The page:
Franz Kafka, adapted by David Farr and Gísli Örn Gardarsson
Vesturport Theatre and Lyric Hammersmith
Dublin Theatre Festival Olympia Theatre, Dublin
Gregor Samsa awakes one morning to find that he has been inexplicably transformed into a giant insect. He has also slept late. His parents and his sister Grete try to rouse him so he can make it to his dreary job as a travelling salesman. The family depends on him for its livelihood. Gregor however is now a bug.
This production of Kafka's famous allegorical short story is brought to us by the collaborative forces of Icelandic Vesturport Theatre and the London based Lyric Hammersmith. In Gísli Örn Gardarsson and David Farr's darkly comic and physical production, the unremarkable life of the Samsa family is turned literally upside down.
The scenery created by Börkur Jónsson is the most unique part of this production. He manages to create a two-storeyed apartment on the Olympia stage. The bottom floor is the basic Samsa family room while the top is Gregor's bedroom that defies gravity. The bed is placed upright against the wall, along with the chair and bedside table. The setting of this room really illustrates the physical strength of Gardarsson as he has to hold himself up for the entire 90 minute performance, bouncing and climbing around the room. There are many new touches to this production to make it an entirely unique adaptation of Kafka's story. With the split-level set already being mentioned, there is also evocative original music provided by world renowned Nick Cave and collaborator Warren Ellis which provides another dimension to the production.
At the beginning of the play the three other members of the Samsa family seem like very loving and gentle people. When Gregor has slept in for work his asthmatic mother, violinist sister Grete and retired father show great concern and are at first startled when they discover his metamorphosis. His sister Grete is the first to take on the caring role, bringing him mouldy cheese and bread every day and cleaning his room. His father disowns him as his son and washes his hands of him. His mother collapses when she discovers him and deems herself too weak to care for him but throughout the play she is the only one who remains to love him.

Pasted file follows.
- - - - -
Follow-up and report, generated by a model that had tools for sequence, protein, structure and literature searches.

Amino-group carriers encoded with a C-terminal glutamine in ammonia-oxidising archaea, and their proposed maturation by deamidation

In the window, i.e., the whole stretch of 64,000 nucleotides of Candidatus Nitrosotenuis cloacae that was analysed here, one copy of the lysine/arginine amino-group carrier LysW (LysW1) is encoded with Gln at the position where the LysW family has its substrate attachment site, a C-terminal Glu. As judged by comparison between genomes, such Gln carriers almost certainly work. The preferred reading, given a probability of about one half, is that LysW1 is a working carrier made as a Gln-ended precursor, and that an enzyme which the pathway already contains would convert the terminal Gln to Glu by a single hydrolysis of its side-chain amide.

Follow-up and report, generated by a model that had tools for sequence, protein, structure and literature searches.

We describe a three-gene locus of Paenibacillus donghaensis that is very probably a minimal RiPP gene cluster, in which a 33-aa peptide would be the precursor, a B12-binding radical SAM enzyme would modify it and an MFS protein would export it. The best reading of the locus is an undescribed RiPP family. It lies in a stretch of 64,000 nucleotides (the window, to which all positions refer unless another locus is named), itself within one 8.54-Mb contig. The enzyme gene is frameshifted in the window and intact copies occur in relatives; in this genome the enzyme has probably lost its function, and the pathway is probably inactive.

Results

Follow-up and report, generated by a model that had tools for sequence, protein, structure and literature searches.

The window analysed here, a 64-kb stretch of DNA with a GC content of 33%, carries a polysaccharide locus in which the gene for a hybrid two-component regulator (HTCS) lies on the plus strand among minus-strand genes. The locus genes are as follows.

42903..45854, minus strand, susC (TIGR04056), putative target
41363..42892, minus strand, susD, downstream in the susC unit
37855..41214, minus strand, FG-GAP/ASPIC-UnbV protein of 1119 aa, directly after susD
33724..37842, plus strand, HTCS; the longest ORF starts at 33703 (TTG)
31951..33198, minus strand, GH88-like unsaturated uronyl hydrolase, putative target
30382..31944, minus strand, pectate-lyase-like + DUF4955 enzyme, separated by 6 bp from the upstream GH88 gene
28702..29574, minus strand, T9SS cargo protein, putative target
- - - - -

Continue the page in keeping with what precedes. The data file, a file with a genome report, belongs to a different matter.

As the play progresses the shocking cruelty of Mr. Samsa and Grete towards Gregor increases and he is left dehumanised, alienated and neglected. There has been much speculation that, when Kafka published this short story in 1915, it was a forecast of the violence and dehumanisation that was to take place in the coming decades during World War Two and the Holocaust. There are many references to this throughout the play for example when the family discover they now have to get jobs, Mr. Samsa says 'Work will set you free', which is 'Arbeit macht frei' in German and was written on the gates of Auschwitz. Mr. Samsa constantly make regimental reference to 'Respect' and how there should be 'Discipline' in the house. He becomes a dictator in his home and violently abuses Gregor and claims they should 'exterminate the creature'.
There are a few technical moments throughout this show that I found very effective. In the scene when the Samsa family have all become busy with their jobs and Gregor is increasingly becoming forgotten and neglected, there is more light added downstairs to represent their lives getting brighter and more prosperous, while Gregor's room gets darker along with his prospects. The show also ends with Gregor hanging dead from the bottom floor and Grete swinging free in a sun filled, garden scene upstairs with Mr. and Mrs. Samsa.
This is an excellently produced show and it is a very professionally polished piece but there were a few moments where the script dragged a little and it didn't leave a powerful impression on me. It is a great allegorical story but I'm not sure if this adapted play is thrilling enough to sustain an audience for ninety minutes.
Reviewer: Lynn Rusk